By Marissa Bailey

CHICAGO (CBS) — Chicago has its fair share of one-way streets. Signs tell drivers which direction to go, and not to go. Trouble is, some of those signs fail and provide little help; or worse, they give potentially dangerous guidance.

Bright and bold LED signs are great when they work, but when those little lights that make up a sign fail, watch out.

From Fulton Market to the South Loop to Bridgeport, many “no right turn” and “no left turn” signs in Chicago are not working properly, leaving drivers puzzled at what they’re supposed to mean.

At some intersections, like Taylor and Clinton, “do not enter” signs supplement the “no left turn” sign, but on a one-way stretch of Wentworth, a “no left turn” sign is virtually worthless to drivers with the lights not working properly, and no other sign to indicate whether turns are allowed.

The greatest concentration of bad signs CBS 2 found was along Lake Street just west of the Loop.

“That is not a traffic symbol. It’s maybe a piece of art, but not a traffic symbol,” one man said of the broken sign, which shows only half of a red circle and diagonal line, but no arrow or other symbol.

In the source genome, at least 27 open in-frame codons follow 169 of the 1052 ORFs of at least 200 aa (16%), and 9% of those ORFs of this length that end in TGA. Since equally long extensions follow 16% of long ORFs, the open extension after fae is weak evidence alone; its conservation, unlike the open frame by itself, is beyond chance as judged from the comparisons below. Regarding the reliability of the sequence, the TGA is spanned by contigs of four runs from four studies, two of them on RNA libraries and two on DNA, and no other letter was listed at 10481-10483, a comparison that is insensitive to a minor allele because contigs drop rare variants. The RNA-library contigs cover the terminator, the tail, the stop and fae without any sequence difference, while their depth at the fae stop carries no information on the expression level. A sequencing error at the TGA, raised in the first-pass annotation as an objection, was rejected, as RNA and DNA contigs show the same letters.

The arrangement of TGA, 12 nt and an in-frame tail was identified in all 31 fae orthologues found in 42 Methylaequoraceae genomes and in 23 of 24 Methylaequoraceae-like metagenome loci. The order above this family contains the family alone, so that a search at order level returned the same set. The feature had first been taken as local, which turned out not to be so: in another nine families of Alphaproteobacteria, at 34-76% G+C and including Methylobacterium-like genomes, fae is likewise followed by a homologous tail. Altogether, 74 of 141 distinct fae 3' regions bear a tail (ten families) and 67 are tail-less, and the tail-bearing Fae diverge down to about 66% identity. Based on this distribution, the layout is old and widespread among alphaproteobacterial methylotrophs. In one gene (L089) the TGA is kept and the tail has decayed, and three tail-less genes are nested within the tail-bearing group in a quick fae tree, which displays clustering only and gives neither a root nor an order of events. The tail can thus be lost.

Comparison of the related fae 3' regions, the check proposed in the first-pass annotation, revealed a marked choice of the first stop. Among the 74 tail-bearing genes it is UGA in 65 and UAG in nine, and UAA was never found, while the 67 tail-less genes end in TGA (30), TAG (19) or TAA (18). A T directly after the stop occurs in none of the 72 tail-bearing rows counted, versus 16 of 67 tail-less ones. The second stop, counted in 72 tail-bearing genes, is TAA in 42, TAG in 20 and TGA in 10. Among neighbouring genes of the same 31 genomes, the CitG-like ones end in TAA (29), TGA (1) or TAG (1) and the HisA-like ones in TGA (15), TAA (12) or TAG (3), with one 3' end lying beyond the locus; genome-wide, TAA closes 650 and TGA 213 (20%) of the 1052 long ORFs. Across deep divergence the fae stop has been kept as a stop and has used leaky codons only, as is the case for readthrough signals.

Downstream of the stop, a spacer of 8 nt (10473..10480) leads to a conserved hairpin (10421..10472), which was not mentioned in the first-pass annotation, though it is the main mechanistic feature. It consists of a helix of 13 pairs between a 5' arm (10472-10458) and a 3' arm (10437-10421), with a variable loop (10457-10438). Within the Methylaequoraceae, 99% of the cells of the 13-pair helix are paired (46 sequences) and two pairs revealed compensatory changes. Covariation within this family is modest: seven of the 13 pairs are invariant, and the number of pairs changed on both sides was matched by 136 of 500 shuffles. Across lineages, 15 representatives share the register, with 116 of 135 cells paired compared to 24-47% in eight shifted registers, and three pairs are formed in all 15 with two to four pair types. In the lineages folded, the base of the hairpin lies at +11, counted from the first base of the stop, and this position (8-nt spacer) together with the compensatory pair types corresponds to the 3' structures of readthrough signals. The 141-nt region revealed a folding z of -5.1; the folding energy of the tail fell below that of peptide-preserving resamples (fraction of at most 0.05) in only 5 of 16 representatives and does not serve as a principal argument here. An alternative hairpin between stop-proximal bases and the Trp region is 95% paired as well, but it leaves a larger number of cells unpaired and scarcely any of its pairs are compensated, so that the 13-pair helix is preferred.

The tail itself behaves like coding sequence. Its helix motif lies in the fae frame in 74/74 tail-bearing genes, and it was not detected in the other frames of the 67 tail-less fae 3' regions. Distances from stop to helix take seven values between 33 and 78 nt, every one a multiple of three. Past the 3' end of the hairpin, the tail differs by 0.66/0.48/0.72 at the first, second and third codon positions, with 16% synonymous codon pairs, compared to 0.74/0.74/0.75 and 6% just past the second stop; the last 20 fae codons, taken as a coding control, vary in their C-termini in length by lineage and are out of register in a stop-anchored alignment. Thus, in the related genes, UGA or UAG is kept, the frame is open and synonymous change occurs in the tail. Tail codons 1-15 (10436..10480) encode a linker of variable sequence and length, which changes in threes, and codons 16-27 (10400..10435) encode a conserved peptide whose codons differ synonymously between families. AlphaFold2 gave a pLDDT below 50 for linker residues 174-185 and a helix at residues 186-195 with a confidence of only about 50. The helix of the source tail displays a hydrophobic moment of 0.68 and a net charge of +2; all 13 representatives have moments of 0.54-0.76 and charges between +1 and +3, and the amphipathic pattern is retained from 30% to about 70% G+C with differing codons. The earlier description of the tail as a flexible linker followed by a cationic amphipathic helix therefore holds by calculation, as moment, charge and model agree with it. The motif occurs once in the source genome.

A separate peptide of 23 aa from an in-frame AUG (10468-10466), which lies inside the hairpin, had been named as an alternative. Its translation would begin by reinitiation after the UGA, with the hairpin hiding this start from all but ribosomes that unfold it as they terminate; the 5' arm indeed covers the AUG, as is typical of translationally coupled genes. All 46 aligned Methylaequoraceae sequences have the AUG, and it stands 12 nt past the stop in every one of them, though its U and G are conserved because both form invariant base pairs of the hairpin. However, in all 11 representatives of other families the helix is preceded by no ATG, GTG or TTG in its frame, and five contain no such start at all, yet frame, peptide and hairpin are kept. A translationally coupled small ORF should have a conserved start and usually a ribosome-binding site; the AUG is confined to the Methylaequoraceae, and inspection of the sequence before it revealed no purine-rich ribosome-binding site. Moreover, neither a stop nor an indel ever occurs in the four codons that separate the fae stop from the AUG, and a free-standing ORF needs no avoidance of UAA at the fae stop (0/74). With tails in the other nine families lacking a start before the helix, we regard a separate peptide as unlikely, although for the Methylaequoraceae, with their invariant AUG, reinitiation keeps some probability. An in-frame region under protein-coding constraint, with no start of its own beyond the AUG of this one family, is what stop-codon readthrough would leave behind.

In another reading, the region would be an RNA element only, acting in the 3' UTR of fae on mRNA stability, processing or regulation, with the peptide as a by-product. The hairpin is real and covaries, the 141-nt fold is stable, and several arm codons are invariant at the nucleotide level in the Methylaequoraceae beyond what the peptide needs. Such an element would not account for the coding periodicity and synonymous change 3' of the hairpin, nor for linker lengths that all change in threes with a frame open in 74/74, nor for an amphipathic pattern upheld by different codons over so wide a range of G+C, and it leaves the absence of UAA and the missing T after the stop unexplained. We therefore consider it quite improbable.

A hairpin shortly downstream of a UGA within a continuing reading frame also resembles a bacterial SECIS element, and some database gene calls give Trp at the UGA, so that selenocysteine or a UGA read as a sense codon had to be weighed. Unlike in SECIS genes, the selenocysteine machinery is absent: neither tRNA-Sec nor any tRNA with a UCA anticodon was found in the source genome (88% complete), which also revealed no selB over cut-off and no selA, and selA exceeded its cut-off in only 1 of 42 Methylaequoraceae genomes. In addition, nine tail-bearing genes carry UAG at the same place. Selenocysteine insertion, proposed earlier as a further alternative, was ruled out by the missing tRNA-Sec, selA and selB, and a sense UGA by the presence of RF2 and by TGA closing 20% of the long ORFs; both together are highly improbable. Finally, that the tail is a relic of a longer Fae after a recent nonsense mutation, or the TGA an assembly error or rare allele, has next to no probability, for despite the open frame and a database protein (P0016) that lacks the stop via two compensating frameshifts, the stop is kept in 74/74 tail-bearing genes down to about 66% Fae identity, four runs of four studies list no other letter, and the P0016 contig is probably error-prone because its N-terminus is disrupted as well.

Other signs on Lake Street are partially burned out of both colors, while others show only the arrow, appearing to show drivers they can turn right, even though it’s a one-way street in the other direction.

“That could cause an accident, I would think. It should probably be fixed,” one man said.

A Chicago Department of Transportation first deputy commissioner Tom Carney said the malfunctioning signs “could be a power issue.”

“A traffic signal outage could be caused by any number of reasons, from a power issue to an issue in the control box. There’s water infiltration,” he said.

The LED no turn signs can cost about $3,000 each, not including labor costs. That’s some 10 times more than traditional painted metal signs.

“Anytime a traffic signal is identified as out, that’s an immediate safety issue,” Carney said.

CDOT counts on drivers and city workers to report issues with signs.

“We rely on 311, but we also rely on sister agencies,” Carney said.

CDOT promised to repair broken signs reported by CBS 2 as soon as possible.

Marissa Bailey